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            March, 2003

      Carol Sanderson, Editor
      Charles Hansen, Technical Advisor


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SEARCH ENGINE SHOWDOWN - by Charles Hansen

        Several years ago I was asked to give a talk on genealogy on the internet and while I hate giving talks, it was in the neighborhood library and they assured me they seldom had more than 8 to 10 people show up for the talks. They had the room set up for 35 and it was clear full by the time the talk started.

        I started out by pointing out that the internet is like a big library. Older people like me, were taught that to find something in the library, we had to go to the card file. Where is the card file for the internet? There is none, but people like Cyndi Howell and Earl Ross have made it easy to find genealogy sites that might interest you.The problem is there are billions of documents on the internet and only a few are listed on Cyndi's list or here in our resources

        A search engine uses a "spider" or "robot" to index every word in billions of web pages. The January-February issue of Genealogical Computing has the 4th Annual Genealogy Search Engine Showdown. The 3rd Annual Showdown tested six search engines. Those tested were AlltheWeb, AltaVista, Google, HotBot, WiseNut and Northern Light. Since that test Northern Light closed to the public January 2002, so this showdown uses the first five from before and a new one Teoma, which was purchased by Ask Jeeves, Inc., in September 2001. To be in the test, they had to have searched at least 500 million web pages, and Teoma is the only one of the group that did not. Google and AlltheWeb claim they have indexed more than 2 billion documents.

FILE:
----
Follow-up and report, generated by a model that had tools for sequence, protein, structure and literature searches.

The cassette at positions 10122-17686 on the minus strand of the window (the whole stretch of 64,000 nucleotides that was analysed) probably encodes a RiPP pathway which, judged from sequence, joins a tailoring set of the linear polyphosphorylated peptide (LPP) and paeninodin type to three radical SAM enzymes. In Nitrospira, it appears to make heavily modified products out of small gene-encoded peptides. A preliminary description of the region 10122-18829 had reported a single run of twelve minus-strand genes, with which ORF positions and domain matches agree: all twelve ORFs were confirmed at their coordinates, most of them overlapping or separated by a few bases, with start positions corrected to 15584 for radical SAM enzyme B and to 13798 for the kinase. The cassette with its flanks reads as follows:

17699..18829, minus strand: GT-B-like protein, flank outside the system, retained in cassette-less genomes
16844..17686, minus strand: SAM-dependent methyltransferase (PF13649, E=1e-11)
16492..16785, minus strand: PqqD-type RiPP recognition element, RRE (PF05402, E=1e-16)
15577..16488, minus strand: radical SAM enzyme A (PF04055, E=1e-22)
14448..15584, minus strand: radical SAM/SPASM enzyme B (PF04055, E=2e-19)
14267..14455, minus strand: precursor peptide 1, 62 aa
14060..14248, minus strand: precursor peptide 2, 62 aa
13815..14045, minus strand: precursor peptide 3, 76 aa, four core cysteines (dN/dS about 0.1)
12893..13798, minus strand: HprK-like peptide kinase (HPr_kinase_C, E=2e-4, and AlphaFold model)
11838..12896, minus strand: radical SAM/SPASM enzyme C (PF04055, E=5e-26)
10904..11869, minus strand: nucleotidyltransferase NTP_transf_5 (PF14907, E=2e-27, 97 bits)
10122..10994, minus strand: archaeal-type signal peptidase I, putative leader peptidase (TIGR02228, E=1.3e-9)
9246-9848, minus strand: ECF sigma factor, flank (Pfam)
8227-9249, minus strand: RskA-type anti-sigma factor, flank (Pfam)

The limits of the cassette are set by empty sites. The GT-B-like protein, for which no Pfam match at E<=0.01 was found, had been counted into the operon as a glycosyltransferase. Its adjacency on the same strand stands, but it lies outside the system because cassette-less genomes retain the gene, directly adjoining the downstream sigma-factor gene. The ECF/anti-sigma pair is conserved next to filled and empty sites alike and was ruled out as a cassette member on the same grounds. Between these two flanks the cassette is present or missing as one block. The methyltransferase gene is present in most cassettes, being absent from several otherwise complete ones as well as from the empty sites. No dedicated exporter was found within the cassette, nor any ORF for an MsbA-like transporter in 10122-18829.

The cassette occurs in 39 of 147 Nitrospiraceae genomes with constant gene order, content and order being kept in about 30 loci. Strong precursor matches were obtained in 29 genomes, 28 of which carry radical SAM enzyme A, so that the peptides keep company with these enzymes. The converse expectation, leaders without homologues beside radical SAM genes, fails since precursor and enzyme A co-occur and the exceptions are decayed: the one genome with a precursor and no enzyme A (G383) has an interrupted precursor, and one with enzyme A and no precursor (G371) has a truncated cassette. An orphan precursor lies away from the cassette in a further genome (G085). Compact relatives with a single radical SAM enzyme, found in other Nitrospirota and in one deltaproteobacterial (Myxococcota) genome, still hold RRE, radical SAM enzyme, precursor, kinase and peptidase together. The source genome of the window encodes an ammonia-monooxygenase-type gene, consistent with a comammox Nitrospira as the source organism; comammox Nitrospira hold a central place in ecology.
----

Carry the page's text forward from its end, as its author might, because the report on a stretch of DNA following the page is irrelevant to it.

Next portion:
The author of the article, Drew Smith, set up three tests for each search engine. The first was an obscure term "doleator", AlltheWeb got 12 hits, AltaVista 8 hits, Google 16 hits, HotBot 8 hits, Teoma 4 hits and WiseNut 7 hits. The most helpful site was the Genealogical Latin Dictionary, which identified doleator as the Latin for cooper. AltaVista, Google, Teoma and WiseNut found this source. AlltheWeb and HotBot found a page that translates Latin occupations into Polish.

        The second test was an obscure place. The place chosen was Chester Park and Long Island. AlltheWeb got 29 hits, AltaVista 7 hits, Google 41 hits, HotBot 35 hits, Teoma 14 hits and WiseNut 12 hits. Drew went on to say that unfortunately several of the hits were not even on Long Island, but Google & HotBot pointed to an article in Newsday, the Long Island newspaper. The article documented the history behind the Chester Park Elementary School.

        For the third test, Drew picked an obscure surname, after warning not to do a common surname. Smith has 20 million hits on Google, how long will it take you to look at all of them. Drew then tried the surname Harlicker. AlltheWeb got 79 hits, AltaVista 27, Google 78, HotBot 30, Teoma 21 and WiseNut 25.

        Drew's conclusion was that Google was the best in this years test, as it was in the last showdown, but AlltheWeb was close behind. What happens if Google does not get the answer you want? Then you could check the others, but that is rather cumbersome. However, there is an answer for this also. It is metasearch software. Metasearch software searches several search engines at once, and the two tested in the article were Copernic Agent Professional v6.0 and Patrol Search v1.8. Copernic has three versions a free one (but lots of pop up adds), the personal version and the professional version. Patrol Search does not have a free version. Using the same tests Patrol Search found more hits than the personal version of Copernic in all three tests.